AngusFangus is offline Senior Member
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    Would there be any way to separate them during the day, rather than using the muzzles?

    I know it's so hard not to get freaked out when they do stuff like this (believe me I know), but it's really important to try to stay relaxed and calm. They feed off the energy you're giving out.

    One of my two boys (Simon) is a resource guarder, and his favorite resource is me. I need to do better about not allowing it. What I think I *should* do, every time he tries to wedge Angus out, is get up and move into him, backing him up, until he gets the message. Simon is a Lab mix as well, and lately I have actually been wondering if he could have a little Greyhound in him. He has that Greyhound chest, totally. Very tall, narrow ribcage. Anyway, that's neither here nor there...

    The only other advice that comes to mind at the moment is the tried and true, "A tired Lab is a good Lab." It sounds like you are doing a lot of walking, but maybe you need some serious aerobic activity in there as well. My boys are five and six now. We discovered several years ago that, in order to keep the peace, they must have vigorous exercise twice a day. The easiest way to do this is to teach them to play fetch. Labs are very natural at this, of course. In addition to two walks a day (short one in the morning and longer one after work), I have a dog sitter who comes by at lunch and plays fetch with them. Then at night, about 8 or 8:30, I take them out again. They can usually only go really hard for about 10-15 minutes each on average. Shorter in the summer, longer in the winter.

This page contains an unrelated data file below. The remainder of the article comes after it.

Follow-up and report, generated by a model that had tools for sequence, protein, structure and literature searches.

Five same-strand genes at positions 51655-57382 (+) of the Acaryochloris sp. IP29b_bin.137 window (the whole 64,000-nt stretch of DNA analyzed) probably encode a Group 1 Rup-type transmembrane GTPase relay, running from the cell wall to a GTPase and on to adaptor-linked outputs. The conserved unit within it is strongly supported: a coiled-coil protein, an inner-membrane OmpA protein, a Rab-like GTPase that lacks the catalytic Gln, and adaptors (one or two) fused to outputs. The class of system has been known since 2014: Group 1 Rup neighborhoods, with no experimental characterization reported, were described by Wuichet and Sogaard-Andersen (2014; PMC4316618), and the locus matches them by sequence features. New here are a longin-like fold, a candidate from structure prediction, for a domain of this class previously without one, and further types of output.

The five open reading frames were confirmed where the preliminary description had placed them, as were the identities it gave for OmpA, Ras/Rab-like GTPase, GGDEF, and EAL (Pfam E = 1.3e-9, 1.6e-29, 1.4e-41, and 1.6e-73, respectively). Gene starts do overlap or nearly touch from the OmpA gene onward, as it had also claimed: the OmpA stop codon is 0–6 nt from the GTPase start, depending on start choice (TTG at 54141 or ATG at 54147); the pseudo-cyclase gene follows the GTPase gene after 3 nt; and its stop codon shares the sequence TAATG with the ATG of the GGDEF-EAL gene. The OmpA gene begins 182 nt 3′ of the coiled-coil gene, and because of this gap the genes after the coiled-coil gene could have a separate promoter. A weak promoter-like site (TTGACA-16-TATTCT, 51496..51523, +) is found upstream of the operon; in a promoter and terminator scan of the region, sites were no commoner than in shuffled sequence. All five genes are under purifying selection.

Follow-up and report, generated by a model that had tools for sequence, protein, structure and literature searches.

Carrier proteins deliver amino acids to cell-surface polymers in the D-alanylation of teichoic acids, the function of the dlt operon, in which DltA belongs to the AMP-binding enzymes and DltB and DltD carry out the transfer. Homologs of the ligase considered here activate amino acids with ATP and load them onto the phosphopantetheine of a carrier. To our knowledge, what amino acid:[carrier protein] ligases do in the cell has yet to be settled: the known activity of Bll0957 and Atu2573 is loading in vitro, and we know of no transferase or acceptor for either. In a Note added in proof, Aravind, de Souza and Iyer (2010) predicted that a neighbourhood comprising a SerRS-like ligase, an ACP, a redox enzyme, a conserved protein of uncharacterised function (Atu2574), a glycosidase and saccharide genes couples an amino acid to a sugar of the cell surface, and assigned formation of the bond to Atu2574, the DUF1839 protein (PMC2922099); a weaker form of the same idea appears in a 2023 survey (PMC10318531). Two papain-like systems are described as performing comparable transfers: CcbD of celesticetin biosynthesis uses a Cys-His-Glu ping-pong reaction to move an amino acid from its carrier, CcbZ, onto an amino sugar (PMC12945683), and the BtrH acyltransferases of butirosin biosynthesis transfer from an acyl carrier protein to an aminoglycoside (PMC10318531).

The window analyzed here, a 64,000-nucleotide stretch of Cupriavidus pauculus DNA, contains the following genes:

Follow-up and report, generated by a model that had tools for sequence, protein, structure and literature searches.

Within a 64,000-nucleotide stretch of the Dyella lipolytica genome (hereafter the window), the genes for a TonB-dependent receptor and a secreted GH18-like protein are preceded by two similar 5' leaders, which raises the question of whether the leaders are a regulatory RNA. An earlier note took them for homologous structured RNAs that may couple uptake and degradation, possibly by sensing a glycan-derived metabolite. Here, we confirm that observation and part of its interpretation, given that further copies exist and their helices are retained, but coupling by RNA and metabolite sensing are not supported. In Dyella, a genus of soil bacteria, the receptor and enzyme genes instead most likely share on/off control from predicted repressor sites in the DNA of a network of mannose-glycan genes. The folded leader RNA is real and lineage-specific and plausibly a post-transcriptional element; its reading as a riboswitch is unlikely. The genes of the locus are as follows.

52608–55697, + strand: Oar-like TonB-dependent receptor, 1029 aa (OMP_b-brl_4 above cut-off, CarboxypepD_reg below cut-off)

I was never a really outdoorsy, "let's go play in the yard" kind of person until these boys. Looking back, it's hard to believe how my lifestyle has changed.